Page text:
Drawing on research in nine cities of Africa, Asia and Latin America, evidence of local-level networks and associational life is analysed, to assess where benefits accrue when they are harnessed in the interests of city governance. Adopting a critical approach to the concept of social capital, it is concluded that the social resources of the urban poor (family, kinship, social networks and community-level organization) are as much an asset for urban development institutions and processes as they are for the poor themselves. Although urban government and other development agencies may draw upon the social resources of poor communities and benefit from or respond to public action, this does not mean that they depend on them. Although public action is important to ensure local democracy, social capital, it is concluded, does not guarantee pro-poor governance.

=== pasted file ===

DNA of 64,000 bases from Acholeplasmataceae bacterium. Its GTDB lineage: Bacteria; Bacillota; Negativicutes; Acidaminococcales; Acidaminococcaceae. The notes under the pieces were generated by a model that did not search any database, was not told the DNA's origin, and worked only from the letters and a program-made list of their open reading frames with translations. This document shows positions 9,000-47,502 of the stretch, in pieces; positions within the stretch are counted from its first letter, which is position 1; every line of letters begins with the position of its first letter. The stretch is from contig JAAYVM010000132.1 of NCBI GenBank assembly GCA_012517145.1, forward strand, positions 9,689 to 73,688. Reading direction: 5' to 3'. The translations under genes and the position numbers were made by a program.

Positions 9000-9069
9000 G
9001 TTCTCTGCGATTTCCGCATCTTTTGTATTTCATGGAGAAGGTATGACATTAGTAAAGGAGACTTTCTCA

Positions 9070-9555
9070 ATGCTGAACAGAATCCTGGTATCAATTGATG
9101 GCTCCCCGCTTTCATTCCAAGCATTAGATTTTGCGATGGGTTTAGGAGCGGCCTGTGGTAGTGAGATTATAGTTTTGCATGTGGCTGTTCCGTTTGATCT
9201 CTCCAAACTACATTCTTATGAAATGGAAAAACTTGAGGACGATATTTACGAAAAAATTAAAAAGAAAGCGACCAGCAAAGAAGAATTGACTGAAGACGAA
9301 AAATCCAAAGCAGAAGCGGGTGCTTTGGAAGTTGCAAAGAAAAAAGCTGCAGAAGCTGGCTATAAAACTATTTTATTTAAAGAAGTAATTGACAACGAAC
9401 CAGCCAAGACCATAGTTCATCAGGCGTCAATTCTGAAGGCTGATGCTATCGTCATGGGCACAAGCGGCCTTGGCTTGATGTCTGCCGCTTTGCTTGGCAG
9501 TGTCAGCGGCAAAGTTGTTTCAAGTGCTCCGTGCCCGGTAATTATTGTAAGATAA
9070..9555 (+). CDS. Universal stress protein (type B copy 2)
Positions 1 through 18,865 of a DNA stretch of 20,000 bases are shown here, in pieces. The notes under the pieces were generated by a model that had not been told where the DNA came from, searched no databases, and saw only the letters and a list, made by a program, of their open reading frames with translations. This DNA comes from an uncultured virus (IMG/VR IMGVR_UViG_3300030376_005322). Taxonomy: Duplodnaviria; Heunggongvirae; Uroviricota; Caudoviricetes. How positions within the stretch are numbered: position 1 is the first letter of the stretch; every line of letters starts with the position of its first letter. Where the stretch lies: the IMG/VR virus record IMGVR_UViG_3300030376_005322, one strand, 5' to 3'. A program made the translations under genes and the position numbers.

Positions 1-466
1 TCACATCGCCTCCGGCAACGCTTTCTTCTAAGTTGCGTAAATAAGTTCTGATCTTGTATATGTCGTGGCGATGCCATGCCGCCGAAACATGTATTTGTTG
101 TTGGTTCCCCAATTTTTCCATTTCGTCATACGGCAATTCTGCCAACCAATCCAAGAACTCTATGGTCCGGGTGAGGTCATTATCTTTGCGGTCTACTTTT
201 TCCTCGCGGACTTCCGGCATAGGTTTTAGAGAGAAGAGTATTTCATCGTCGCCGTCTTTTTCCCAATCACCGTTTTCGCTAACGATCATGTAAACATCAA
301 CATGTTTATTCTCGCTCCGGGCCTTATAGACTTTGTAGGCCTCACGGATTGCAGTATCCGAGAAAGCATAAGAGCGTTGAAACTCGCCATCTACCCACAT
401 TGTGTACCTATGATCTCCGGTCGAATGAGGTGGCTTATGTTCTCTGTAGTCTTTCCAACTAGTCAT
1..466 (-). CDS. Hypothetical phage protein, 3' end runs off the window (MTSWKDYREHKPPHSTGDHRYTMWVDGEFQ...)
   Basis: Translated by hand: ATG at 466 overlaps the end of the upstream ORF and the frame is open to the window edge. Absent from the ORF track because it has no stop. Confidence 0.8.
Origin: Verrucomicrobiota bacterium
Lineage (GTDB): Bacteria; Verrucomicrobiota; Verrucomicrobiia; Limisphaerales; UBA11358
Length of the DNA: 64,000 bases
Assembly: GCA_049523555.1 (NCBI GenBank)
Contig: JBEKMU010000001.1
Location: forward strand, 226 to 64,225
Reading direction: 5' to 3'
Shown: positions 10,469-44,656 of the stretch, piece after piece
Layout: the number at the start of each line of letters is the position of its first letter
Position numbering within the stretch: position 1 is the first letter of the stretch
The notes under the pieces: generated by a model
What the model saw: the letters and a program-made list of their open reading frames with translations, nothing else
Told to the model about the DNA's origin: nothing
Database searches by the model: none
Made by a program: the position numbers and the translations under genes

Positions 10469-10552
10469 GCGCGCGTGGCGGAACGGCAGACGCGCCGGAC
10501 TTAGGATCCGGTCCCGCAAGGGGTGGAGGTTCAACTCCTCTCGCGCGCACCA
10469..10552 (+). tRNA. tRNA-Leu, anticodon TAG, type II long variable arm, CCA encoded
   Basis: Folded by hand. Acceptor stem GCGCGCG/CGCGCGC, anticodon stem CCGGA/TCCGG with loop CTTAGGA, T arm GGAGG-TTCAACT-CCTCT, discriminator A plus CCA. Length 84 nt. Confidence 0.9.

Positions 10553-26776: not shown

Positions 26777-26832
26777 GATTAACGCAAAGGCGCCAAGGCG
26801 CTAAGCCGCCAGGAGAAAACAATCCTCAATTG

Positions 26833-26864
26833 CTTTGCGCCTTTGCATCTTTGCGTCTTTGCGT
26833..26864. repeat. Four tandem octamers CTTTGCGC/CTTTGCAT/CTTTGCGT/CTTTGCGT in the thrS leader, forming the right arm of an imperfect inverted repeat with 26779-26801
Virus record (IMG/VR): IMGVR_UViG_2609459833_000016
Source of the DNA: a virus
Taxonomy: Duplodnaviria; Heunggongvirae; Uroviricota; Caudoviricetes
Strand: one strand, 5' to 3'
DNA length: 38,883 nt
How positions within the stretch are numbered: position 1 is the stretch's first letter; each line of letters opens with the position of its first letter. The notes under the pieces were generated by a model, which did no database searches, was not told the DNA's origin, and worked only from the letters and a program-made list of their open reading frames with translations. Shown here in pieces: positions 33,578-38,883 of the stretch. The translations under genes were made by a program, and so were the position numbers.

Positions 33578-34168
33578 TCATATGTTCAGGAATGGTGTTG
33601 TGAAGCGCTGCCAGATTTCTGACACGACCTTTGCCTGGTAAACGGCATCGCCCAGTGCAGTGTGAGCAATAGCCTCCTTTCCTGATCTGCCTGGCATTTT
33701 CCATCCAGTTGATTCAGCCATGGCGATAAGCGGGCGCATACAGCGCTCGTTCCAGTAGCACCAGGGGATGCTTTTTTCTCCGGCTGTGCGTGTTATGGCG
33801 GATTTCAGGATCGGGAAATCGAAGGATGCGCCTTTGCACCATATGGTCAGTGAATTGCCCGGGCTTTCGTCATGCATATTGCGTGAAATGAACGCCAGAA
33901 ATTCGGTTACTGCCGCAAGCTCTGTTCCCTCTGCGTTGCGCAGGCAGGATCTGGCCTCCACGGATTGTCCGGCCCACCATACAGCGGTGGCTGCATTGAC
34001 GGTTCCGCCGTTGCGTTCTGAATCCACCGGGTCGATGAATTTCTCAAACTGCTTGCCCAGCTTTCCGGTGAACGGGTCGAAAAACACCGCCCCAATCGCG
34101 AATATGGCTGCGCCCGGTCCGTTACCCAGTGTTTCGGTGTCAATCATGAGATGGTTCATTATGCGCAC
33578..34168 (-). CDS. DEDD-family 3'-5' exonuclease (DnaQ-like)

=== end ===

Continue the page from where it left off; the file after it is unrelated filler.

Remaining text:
International Planning Studies (2001) 6 (4) 357-375 [DOI: 10.1080/13563470120092377]
Valuing Social Resources or Capitalizing on Them? Limits to Pro-poor Urban Governance in Nine Cities of the South